Data Science

Data is the new electricity, we're living in the age of the fourth industrial revolution, the need for Data Analysis is create each day and has risen tremendously in the last decade. A Data Scientist is like a sculptor, and Cyber Radar University provides you the valuable in-formations.

Course Overview

Have you ever wondered, how does Facebook automatically tags the faces of an individual, predicting flight delay? How does a website like Netflix recommend the videos, How do banks identify which customers are likely to be the most loyal, and which are likely to leave for a competitor? Data Science can be defined as a blend of mathematics, business acumen, tools, algorithms, and machine learning techniques that can be of major use in the formation of big business decisions.

In the Data Science online course, one deals with both structured as well as unstructured data. It’s an amalgamation of statistics, tools, and business knowledge. You might be thinking, why should you enroll in a Data Science course? As you know, with the amount of data that is being generated and the evolution in the field of Analytics, it has turned out to be essential for industries.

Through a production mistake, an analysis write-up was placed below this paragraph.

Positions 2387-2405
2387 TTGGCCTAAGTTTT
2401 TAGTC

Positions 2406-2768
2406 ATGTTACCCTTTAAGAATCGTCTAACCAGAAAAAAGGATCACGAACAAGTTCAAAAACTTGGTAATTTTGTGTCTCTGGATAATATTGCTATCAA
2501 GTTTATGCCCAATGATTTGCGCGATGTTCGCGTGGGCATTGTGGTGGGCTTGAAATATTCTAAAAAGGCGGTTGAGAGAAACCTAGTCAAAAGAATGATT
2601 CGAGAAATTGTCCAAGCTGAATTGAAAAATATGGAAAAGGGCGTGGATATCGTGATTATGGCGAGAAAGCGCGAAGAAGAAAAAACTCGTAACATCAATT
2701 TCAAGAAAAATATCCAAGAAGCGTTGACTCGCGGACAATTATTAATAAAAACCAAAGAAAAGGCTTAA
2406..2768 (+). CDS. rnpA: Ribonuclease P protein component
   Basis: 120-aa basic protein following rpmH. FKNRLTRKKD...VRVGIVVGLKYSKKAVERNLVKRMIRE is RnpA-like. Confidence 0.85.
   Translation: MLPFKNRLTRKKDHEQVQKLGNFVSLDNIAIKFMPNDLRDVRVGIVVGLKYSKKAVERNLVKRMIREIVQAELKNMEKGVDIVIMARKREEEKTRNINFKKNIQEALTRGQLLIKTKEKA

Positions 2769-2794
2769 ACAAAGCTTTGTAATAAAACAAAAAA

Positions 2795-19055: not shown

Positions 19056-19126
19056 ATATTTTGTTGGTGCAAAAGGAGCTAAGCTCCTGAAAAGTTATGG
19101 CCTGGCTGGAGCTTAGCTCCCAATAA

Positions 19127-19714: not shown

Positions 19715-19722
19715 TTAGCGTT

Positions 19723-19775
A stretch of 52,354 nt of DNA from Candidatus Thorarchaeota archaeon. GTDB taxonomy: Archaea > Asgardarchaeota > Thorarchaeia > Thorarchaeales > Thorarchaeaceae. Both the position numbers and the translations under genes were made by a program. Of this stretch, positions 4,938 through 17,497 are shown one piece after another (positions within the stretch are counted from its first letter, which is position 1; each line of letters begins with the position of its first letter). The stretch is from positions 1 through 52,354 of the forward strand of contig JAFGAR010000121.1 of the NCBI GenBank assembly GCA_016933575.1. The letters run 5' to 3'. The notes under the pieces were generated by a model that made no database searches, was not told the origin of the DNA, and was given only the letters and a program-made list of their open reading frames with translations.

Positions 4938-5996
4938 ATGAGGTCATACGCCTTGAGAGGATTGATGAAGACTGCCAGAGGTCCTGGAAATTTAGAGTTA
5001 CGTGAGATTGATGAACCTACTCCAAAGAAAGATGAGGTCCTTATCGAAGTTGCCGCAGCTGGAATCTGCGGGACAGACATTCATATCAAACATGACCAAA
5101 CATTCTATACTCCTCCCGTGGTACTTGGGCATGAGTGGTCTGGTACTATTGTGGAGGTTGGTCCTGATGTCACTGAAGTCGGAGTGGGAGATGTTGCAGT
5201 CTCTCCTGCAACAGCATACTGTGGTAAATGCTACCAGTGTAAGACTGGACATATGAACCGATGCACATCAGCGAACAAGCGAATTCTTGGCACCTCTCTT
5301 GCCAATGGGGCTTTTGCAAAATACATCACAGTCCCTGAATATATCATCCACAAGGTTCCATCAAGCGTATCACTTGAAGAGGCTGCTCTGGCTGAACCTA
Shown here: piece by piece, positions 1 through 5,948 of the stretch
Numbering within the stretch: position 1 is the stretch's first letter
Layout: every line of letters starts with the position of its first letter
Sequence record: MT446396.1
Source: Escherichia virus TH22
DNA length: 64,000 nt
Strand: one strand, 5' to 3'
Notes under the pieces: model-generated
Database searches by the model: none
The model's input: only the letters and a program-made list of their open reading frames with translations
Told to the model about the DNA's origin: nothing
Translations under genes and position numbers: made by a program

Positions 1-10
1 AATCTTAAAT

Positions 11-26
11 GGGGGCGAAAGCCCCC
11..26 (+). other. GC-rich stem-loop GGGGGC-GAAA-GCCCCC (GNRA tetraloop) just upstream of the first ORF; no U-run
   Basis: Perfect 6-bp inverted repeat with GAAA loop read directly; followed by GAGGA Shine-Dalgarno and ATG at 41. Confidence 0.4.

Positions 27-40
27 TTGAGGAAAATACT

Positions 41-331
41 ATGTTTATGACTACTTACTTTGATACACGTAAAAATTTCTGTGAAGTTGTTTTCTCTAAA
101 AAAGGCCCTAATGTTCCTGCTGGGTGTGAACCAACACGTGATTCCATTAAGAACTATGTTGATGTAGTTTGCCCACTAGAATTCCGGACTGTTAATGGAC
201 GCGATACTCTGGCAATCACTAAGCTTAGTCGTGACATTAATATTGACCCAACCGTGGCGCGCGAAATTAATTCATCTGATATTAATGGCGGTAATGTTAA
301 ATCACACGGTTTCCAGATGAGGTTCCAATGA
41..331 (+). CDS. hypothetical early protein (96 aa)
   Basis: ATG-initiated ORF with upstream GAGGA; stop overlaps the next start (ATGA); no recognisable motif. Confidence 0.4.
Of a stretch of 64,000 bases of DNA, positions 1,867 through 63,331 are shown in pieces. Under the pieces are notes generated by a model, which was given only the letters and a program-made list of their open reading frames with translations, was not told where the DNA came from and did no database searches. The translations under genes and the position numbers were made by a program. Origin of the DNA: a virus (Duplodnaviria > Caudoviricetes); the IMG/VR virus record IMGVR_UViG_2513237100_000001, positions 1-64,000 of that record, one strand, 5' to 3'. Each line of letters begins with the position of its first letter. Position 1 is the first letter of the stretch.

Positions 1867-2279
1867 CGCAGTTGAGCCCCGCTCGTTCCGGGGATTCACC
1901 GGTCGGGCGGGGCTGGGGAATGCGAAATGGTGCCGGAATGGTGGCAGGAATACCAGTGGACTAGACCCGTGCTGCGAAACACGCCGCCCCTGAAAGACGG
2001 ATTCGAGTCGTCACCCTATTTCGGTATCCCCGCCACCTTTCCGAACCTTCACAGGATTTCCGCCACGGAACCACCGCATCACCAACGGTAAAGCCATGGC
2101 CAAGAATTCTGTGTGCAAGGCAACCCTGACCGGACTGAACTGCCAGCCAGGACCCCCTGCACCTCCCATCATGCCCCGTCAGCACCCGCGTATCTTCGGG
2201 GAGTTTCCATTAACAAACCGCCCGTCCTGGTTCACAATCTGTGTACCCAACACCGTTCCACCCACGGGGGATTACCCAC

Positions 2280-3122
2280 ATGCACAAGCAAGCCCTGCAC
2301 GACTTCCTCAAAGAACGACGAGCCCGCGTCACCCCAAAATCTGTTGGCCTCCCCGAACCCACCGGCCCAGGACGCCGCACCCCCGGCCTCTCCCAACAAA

What will You Achieve

Develop skills for real-career growth

Learn from experts active in their field

Learn by working on real-world problem

24x7 active support

How Data Science will Create more Jobs in the Future

Data Scientists are needed in virtually every job-sector - not just in technology, in order to break into this high-paying, in-demand role - an advanced education is generally required. Cyber Radar University comes up with the tendencies. Undoubtedly, experts are highly educated - it’s an evolving field and Python has become a required skill for 46-percent of jobs in Data Science.

Data Science Explained

AI, data science, and machine learning all work in tandem. Machine learning is the field of data science that feeds computers huge amounts of data so they can learn to make insightful decisions similar to the way that humans do.

For example, most humans learn as children what a flower is without thinking about it. However, the human brain achieves that learning through experience—by collecting data—on which specific features are associated with flowers.

A machine can do the same thing with human help. As humans feed the machine massive quantities of data, it can learn that various petals, stems, and other features are all connected to flowers.

In other words, humans feed training data or raw data to the machine, so it can learn all of the data's associated features. Then, if the training was successful, testing with new data should reveal that the machine can distinguish the features it learned. If not, it needs more or better training.